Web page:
Focus Areas of Research

There are four focus areas of study that organize faculty research interests in the Department of Pharmacology & Experimental Therapeutics.  Students can rotate in one group or in multiple groups for laboratory experiences.



The primary faculty in the department conduct research in neuroscience relevant topics as do training faculty in other departments across the university. Research varies from classical neuropharmacology to animal models of addiction, neurodegeneration, epilepsy, and genetics of neuropsychiatric and neurological diseases. Model systems include humans, rodents and worms, and hypotheses are built and tested using the techniques of cell biology, in vitro and in vivo electrophysiology, optogenetics, behavioral pharmacology and clinical studies.

Breast cancer cell

Cancer Pharmacology

Training faculty come from multiple departments across the university, including the Cancer Center (BUMC), Biochemistry (BUMC), Biology (CRC), Biomedical Engineering (CRC) and Medicine (BUMC). Research interests span target discovery via the identification of critical signal transduction systems, novel 3D models of cellular proliferation, nanotechnology for drug delivery, bioinformatics, human diagnostics and drug discovery via screening of unique chemical libraries.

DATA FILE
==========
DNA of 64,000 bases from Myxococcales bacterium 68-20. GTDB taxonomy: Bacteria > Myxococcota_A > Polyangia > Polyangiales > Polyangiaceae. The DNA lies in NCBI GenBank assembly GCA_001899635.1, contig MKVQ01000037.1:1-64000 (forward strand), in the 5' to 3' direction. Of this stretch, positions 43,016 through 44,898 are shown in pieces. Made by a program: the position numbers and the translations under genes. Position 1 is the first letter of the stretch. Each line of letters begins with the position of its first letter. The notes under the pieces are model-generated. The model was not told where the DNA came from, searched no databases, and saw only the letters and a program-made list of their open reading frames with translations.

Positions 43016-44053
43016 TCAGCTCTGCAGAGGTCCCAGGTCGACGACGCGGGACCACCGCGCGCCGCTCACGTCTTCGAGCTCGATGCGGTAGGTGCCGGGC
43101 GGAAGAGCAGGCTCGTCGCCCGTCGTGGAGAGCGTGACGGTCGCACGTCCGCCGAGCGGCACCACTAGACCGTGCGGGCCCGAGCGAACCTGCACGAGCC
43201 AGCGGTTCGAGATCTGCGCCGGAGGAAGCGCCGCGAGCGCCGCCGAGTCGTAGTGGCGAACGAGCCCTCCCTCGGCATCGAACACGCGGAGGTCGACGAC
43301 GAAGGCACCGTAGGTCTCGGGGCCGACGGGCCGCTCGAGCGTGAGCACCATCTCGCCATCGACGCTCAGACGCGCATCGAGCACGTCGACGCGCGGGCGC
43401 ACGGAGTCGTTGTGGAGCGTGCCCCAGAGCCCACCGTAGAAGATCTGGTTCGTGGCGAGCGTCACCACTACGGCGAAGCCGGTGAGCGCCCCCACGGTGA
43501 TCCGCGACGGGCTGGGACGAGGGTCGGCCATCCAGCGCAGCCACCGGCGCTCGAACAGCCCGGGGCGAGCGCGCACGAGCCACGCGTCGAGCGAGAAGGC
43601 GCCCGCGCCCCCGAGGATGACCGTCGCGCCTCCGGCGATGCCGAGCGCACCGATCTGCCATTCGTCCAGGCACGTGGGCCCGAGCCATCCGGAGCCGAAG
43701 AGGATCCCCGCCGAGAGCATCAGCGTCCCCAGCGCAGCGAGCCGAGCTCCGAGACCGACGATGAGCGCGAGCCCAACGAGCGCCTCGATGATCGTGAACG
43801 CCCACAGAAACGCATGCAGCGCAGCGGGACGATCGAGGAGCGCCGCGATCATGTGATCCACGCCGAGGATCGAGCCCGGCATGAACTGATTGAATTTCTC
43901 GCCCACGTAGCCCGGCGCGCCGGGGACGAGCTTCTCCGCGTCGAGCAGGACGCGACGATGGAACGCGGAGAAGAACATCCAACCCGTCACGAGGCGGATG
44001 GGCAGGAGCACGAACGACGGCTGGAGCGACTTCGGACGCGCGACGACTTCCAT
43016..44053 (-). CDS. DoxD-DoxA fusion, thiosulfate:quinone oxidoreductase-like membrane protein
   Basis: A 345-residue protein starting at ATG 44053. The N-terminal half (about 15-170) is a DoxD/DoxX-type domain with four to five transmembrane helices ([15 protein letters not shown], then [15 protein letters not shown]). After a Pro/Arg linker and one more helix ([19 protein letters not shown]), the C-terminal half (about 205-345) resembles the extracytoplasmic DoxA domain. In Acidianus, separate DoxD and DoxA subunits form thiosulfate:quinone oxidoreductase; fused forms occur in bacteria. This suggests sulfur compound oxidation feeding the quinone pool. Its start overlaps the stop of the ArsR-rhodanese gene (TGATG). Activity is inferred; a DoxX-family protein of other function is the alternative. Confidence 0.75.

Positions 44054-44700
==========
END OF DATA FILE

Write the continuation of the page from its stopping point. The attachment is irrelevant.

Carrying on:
Cardiovascular Pharmacology

With training faculty from the internationally recognized Whittaker Cardiovascular Institute at BUMC, the cardiovascular pharmacology focus area contains some of the leaders in today’s cardiology research. Students learn from physician scientists that have a unique clinical perspective in balance with basic science. In addition, students interested in the study of heart and brain can participate in a unique training experience that emphasizes the contribution of vascular function to neurodegeneration.

Interdisciplinary Platforms and Technologies

In addition to faculty laboratories that concentrate their studies in a particular area of interest, there are research groups whose work crosses multiple fields to impact the development of therapeutics. From the study of structure-function relationships revealed by X-ray crystallography, to the screening of chemical libraries and genomes, the development of new diagnostic technologies, and the analysis of signal transduction pathways, our students have a rich group of laboratory experiences that they can call upon when choosing the best laboratory for their thesis research.